How bad could this trainwreck be?
Just how bad could this get? Well, here’s one scenario, maybe not the most likely, but possible: The exchanges aren’t ready by Dec. 1. In fact, they continue to experience problems in January and February. The administration’s poll numbers continue to plummet, and the reputation of the exchanges is such that come spring, young people don’t bother to sign up -- or are afraid to hand over their personal data to such a buggy system. The insurance pool is much smaller, older and sicker than expected, which is to say, much more expensive than expected. The administration comes up with small emergency patches, like allowing people to keep their old policies for a few more months. But that makes the pool of people insured through the exchanges even older and sicker than it otherwise would be.Well, we really can't blame him.
Meanwhile, sometime between March and June, the other shoe drops: People who bought exchange policies realize that the restricted networks insurers created to keep the premium costs low cut out the best hospitals and doctors. A newly insured child with cancer cannot get into a top pediatric hospital because her insurance has zero coverage for out-of-network emergency care. Tearful Mom goes on the evening news and says that she thought when they went on Obamacare, that meant they were safe, and why can’t I take my baby to Philadelphia Children’s Hospital, Mr. President? That particular story will be fixed, through some combination of private charity, insurer PR sensitivity and government intervention. But there will be more of these cases that don’t make the papers. The folks who had no insurance and are now on Medicaid may be quite glad of their insurance, but those people don’t vote in large numbers. The middle-class voters who thought they were getting much more out of this law are disenchanted, maybe angry.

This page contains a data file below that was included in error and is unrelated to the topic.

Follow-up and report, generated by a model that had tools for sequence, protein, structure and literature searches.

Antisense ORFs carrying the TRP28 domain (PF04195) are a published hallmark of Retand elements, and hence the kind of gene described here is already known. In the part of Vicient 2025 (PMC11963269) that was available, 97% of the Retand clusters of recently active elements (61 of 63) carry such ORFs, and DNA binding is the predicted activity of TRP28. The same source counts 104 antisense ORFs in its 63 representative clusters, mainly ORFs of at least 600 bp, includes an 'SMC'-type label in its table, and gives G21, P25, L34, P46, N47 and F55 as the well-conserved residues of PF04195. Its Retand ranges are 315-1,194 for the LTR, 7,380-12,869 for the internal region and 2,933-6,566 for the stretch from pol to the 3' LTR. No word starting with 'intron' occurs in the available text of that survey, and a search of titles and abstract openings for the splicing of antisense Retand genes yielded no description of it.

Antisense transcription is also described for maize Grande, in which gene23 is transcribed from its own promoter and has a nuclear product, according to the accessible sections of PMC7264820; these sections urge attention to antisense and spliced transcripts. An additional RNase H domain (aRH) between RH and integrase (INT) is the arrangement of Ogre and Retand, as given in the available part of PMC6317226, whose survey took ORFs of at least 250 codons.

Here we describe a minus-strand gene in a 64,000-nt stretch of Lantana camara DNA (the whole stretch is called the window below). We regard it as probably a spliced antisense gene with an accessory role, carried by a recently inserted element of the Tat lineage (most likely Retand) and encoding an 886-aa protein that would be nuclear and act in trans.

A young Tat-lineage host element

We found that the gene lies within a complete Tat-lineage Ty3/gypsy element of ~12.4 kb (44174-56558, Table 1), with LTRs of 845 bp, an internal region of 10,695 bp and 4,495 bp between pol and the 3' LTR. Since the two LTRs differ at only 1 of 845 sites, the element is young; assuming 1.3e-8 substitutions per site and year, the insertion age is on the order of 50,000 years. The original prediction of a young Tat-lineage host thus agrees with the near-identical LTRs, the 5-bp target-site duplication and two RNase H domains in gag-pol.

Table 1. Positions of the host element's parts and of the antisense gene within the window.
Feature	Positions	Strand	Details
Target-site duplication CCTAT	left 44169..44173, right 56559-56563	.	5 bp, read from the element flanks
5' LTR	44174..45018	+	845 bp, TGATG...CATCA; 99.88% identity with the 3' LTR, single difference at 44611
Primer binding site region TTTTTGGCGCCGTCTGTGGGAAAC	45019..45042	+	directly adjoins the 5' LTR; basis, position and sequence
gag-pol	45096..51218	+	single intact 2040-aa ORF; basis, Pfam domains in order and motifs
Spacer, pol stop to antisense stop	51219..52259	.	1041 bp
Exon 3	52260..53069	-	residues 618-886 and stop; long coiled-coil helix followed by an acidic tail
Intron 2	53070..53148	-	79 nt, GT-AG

By June, insurers are filing their rate increases for next year. But there are already lawsuits being filed over the limited networks and rumblings about legal remedies in the legislature. They are paying out much more in claims for each customer than they expected when they set rates, and while the “risk corridor” reinsurance provisions mitigate some of their losses, they do not turn losses into profits. And public anger over all the downsides of the law -- the policy cancellations, the malfunctioning exchanges, the extremely narrow provider networks -- makes it look very likely that Democrats are going to lose the Senate in 2014. The law now seems to be in danger -- not in danger of outright repeal, but in danger of death from a thousand cuts, as legislators roll back anything that’s unpopular -- like, say, the individual mandate.
In a more auspicious political climate, insurers might well say, “Hey, we had a rough start, but we want to get market share, and we certainly don’t want to face the wrath of insurance commissioners and the Department of Health and Human Services, so let’s eat the losses of last year and come in with some modest rate increases for 2015.” But with the law looking shaky, they are no longer so sure that they want to take that risk. When they start filing rate increases, they are huge -- well into the double digits. Regulators and HHS fight back as hard as they can, but they cannot just order insurers to sell at a loss. Democrats lose the Senate in 2014, and even fewer people buy insurance for 2015.
What does the administration have in its pocket to prevent that scenario? Well, there’s the obvious: Fix the website. And I’m sure that they’re working on that as hard as they can. But as I pointed out at the beginning of October, malfunctioning IT projects aren’t susceptible to good old-fashioned remedies like “hard work” or “staffing up.” There is a limit to how hard your people can work, particularly if they are doing cognitive work rather than, say, mechanically swapping floppy disks in and out of servers (the jobs I used to reserve for 2 a.m. when I had to work crazy hours). After 10 or 12 or 16 hours, your productivity falls so dramatically that you’re better off going home and sleeping -- particularly if you have to do this for more than a couple of nights.
It is, after all, his first real job.